Food choices are affected by many factors, but one of the key areas impacting food choice—especially among children—is food marketing. Foods high in calories and low in nutrients are often marketed extensively to children, but there are signiﬁcantly fewer marketing initiatives that promote healthy food choices like fruits and vegetables. ~NFVA: Produce For Better Health Foundation
There has been some industry self-regulation in terms of marketing less nutritious foods to children, but sorry, you don’t get to have it both ways. The only reason manufacturers want to market anything to children is because children are relentless. This is why the cartoon channels are full of toy commercials. Children lack the cognitive ability to understand the purpose of advertising. As Susan Linn, Director of the Campaign for a Commercial-Free Childhood explains, “If a young child cannot even understand the purpose of an ad, then marketing anything to that child is both unfair and deceptive. The nutritional content of the product being marketed is irrelevant.”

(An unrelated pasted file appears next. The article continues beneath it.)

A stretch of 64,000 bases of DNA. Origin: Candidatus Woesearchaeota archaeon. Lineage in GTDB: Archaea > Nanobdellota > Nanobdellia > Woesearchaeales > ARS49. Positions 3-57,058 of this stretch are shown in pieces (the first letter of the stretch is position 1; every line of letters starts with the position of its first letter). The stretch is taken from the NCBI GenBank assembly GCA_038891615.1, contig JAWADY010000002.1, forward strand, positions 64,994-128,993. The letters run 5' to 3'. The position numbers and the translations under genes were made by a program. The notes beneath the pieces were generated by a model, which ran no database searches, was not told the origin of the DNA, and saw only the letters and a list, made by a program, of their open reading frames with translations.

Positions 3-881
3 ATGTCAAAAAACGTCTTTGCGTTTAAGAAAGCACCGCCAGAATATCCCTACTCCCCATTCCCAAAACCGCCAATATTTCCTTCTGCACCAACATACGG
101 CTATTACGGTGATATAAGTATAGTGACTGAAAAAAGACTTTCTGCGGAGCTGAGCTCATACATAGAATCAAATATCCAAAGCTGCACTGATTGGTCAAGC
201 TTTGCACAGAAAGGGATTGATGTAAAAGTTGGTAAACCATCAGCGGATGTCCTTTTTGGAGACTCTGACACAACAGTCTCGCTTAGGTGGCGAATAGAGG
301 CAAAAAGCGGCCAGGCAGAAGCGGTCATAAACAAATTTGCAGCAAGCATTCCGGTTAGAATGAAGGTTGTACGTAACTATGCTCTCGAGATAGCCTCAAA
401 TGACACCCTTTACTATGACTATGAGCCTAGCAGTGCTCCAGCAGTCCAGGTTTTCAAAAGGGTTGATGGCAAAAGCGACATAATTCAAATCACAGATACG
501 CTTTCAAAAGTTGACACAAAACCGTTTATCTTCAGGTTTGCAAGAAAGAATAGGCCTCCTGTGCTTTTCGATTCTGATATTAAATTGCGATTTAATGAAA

Using children as a pawn in any marketing scheme is a sure-fire way to get under Mom’s skin, especially when she is worried if there will be a next meal, never mind what that meal might be.
“Mom is the key to fully integrating the Dietary Guidelines into her family’s lifestyle. In order for her to accomplish this, we need to make it easy and seamless for her. The guidelines need to become part of the daily routine, quick and convenient to apply throughout the day, everyday. Since home is the primary source of meals, how can she easily implement the Dietary Guidelines into meal planning for her family?” ~ Food Science Challenge: Translating the Dietary Guidelines for Americans to Bring About Real Behavior Change